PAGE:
The Effect of Moving on Physical and Mental Health
When we say Mr. Smith’s heart attack was caused by the stress of retirement, blame our brother’s death on his anguish over being widowed, or nod ruefully when we catch the flu the week we move, we are agreeing to a belief as old as ancient times: that major disruptions in the pattern of life make people sick.
For most of this century, however, this idea was pooh-poohed by a medical profession bent on explaining illness in purely medical terms: “Physical diseases have physical causes.
Except for a very few stress-related conditions (e.g., ulcers), our emotions have no effect on how our bodies behave.” In the late Thomas Holmes and Robert Raphe decided that rather than simply accepting the unquestioned dogma, they would actually test the “old wives’ tale” that stressful events can make us ill.
They assigned change rankings to a list of events, scores ranging from a high of one hundred for being widowed to lows in the teens for minor upsets such as getting a traffic ticket. Because they felt that the sheer quantity of change itself, not whether the change is bad or good, produces illness, they included both negative and positive events on what became their well-known life-change scale. After testing thousands of subjects.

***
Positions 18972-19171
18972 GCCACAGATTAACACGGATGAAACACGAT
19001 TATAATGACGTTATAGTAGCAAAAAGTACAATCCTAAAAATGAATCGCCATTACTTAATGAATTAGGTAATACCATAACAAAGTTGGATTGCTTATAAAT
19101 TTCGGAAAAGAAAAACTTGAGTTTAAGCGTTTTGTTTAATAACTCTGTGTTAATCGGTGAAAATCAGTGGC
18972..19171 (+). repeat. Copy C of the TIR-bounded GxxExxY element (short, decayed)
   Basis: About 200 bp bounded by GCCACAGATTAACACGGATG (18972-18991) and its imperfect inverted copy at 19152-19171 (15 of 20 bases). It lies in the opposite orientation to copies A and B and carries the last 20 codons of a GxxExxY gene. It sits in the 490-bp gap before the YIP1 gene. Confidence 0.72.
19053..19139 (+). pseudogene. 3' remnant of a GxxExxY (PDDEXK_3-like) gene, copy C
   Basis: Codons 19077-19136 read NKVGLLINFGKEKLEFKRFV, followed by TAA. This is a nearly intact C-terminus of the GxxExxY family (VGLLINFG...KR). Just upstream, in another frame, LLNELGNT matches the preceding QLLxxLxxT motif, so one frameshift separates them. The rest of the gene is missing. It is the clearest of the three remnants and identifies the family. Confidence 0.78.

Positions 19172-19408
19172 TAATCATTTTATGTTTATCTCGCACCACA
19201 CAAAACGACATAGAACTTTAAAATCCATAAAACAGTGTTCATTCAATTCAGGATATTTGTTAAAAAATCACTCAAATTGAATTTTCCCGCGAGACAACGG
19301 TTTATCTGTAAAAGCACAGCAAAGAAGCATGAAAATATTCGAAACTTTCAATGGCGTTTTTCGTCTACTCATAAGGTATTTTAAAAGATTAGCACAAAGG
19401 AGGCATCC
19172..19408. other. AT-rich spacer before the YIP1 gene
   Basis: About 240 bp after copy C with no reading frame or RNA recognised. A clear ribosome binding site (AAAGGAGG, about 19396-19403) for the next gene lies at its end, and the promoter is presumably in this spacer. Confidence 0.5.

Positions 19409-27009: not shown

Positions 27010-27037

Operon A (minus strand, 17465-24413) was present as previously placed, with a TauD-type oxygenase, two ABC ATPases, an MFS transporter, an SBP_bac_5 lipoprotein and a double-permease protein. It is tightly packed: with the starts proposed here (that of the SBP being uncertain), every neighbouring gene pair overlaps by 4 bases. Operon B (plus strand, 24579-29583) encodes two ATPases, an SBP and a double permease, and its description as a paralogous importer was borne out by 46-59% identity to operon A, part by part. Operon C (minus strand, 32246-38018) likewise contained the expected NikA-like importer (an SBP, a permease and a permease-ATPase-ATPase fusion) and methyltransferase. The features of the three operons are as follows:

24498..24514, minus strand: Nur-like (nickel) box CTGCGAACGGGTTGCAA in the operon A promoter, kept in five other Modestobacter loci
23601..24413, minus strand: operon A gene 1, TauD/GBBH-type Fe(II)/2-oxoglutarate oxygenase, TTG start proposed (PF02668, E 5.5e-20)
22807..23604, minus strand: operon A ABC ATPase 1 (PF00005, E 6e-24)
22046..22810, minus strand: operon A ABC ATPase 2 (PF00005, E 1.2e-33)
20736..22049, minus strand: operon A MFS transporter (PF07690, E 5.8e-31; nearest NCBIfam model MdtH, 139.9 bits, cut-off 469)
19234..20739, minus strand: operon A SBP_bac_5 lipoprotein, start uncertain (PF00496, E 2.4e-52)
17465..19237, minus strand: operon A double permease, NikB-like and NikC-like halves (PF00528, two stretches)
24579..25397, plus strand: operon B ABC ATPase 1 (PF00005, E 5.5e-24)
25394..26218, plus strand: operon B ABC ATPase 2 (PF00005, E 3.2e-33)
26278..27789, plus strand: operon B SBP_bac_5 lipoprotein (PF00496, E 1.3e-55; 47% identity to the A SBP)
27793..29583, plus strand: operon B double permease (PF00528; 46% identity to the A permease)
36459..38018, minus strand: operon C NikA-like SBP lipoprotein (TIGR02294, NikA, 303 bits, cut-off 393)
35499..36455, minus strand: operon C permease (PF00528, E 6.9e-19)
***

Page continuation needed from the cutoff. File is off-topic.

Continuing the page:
Holmes and Raphe proved that there was indeed a nonspecific link between outer-world changes and internal ones. People who had unusually high change scores during a short period were more likely to get sick. Depending on their particular vulnerabilities, they were more susceptible to illnesses as varied as cancer and colds.
Not everyone who retires, moves to Florida, and loses his wife is fated for a hospital bill – or even a cold –People vary greatly in their physical stamina and in their capacity to absorb and tolerate change. Events also have very different meanings for different people. As we saw, for instance, it is not true that the man who hates his job is affected in the same way by leaving work as his friend for whom retirement is a catastrophe.
In fact, contrary to what Holmes and Raphe predict, a recent study suggests that happy events may not be illness producing at all. Researchers at Indiana University School of Medicine questioned elderly residents of a public housing complex about their health and then compared their answers with the total number of changes versus the number of negative changes they had recently undergone.
Only the negative events tally was related to declining health, suggesting that it really is our new misfortunes – not our new blessings – that affect our physical well-being.6
So we need not fear the physical consequences of moving. Change in itself does not seem to be bad. However, we do need to ensure that moving will be a positive change in our life.